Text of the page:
The touch control performance on the Indy, however, was rather inconsistent, like most wireless earbuds with touch controls. The buds either do not acknowledge your touch at times or end up executing a different command altogether when they register it. A complication is that even when you are just trying to push the buds into your ear, you accidentally end up triggering some command, which can be a little inconvenient.
Great sound and battery…
Unlike true wireless earbuds under Rs. 10,000 that focus on being just “truly wireless” and forget the first and foremost thing that is important for any pair of earphones, the sounds, the Skullcandy Indy have actually done pretty well in the sound department. We actually were pleasantly surprised at how the earbuds performed. The sound on the Indy is much better than most of the earbuds that we have used in the price segment.
One of the most common issues with many truly wireless earphones is that the audio they deliver is mostly one dimensional. That was not a problem with the Indy. The Skullcandy Indy not only came with loud and clear audio but also offered a decent amount of bass, making the experience more wholesome. Also, as the earbuds come with silicon tips that give them a great grip, the noise also gets isolated (and also letting the buds fit more snugly in your ears), making the audio on the earbuds stand out. The Skullcandy Indy are also one of the very few truly wireless earbuds that we felt comfortable using while working out – those silicon ear tips gave them a good grip.
Just like the AirPods, the Indy also carry their mics on the end of the stem tip. And just like the AirPods, the Indy also are great for phone calls, a rarity in this product segment.
In the battery zone, the Skullcandy Indy again impressed us. The buds could see up to four hours of playback, which is pretty decent for true wireless earphones. Skullcandy also claims that the case can give you up to 16 hours worth of battery before it needs charging itself, which means you can charge your buds at least three times before completely running out of charge. Again, decent enough.
…with a few glitches
That said, we did have a couple of issues with the buds. We often found that the left earbud would abruptly turn off, and will disconnect from the device while the right one (the master bud) would keep going. Getting them to work normally again meant turning the buds off and starting all over from scratch. That can be a little inconvenient. We have also pointed out how the touch controls had a tendency of getting triggered accidentally. The audio on the buds also did not sync with videos on YouTube at times, which was a little annoying. And virtual assistant fans will be disappointed to know that the earbuds do not have support for Google Assistant or Siri as of yet – Skullcandy promises to bring it soon with an update, though.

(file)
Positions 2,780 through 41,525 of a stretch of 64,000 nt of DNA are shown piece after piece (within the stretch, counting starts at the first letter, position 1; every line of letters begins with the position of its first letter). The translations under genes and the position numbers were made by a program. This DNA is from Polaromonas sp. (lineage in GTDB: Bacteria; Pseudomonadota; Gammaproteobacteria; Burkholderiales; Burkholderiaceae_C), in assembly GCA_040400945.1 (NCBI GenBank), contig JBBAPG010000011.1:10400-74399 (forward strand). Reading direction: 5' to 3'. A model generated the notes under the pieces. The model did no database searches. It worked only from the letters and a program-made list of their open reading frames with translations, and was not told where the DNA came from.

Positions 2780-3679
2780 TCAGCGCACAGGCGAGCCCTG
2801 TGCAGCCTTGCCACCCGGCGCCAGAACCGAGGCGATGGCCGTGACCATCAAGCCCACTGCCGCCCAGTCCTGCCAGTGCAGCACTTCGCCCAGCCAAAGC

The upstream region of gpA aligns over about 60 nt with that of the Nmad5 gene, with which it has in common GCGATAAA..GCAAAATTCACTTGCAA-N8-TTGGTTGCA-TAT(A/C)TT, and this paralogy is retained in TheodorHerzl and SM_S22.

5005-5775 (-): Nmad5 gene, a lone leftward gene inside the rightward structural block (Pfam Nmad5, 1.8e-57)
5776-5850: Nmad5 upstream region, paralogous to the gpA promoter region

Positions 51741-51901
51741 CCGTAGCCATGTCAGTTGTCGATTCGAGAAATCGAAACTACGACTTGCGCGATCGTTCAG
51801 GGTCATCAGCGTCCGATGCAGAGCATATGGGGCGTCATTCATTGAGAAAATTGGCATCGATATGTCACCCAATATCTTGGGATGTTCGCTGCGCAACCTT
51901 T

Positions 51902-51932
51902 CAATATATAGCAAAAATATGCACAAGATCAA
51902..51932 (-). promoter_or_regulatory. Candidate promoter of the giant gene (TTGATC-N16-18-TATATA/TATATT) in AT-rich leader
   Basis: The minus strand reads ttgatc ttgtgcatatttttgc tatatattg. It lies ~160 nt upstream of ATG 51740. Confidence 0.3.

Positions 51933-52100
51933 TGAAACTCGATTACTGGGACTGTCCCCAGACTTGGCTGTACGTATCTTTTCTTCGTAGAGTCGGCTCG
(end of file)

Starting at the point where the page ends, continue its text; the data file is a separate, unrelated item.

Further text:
Your “affordable AirPods”
Priced at Rs. 7,490, the Skullcandy Indy are definitely one of the best truly wireless earbuds we have used under Rs. 10,000. The easily beat their own, slightly expensive cousin, the Skullcandy Push in most departments, including audio and design. Yes, they have a few issues but they draw inspiration from and sometimes even come from to the AirPods in terms of design, functions, and features. The fact that their price is almost half that of Apple’s iconic wireless earbuds makes them perhaps the best option for those who want something like the AirPods but do not have the budget for it. The best true wireless earphones on a tight budget? Yes, Ind(y)eed.
- Ergonomic design
- Easy pairing
- Great sound and battery
- Competitive price
- Touch controls not the greatest
- Abrupt disconnection
- Materials used seem cheap
Skullcandy has clearly got its eye set on the truly wireless earphones market. The brand had grabbed attention with the Push, its first truly wireless earphones. And now come the more affordable Skullcandy Indy, which get rid of wires at half the price of the iconic AirPods. But just how good a deal are they?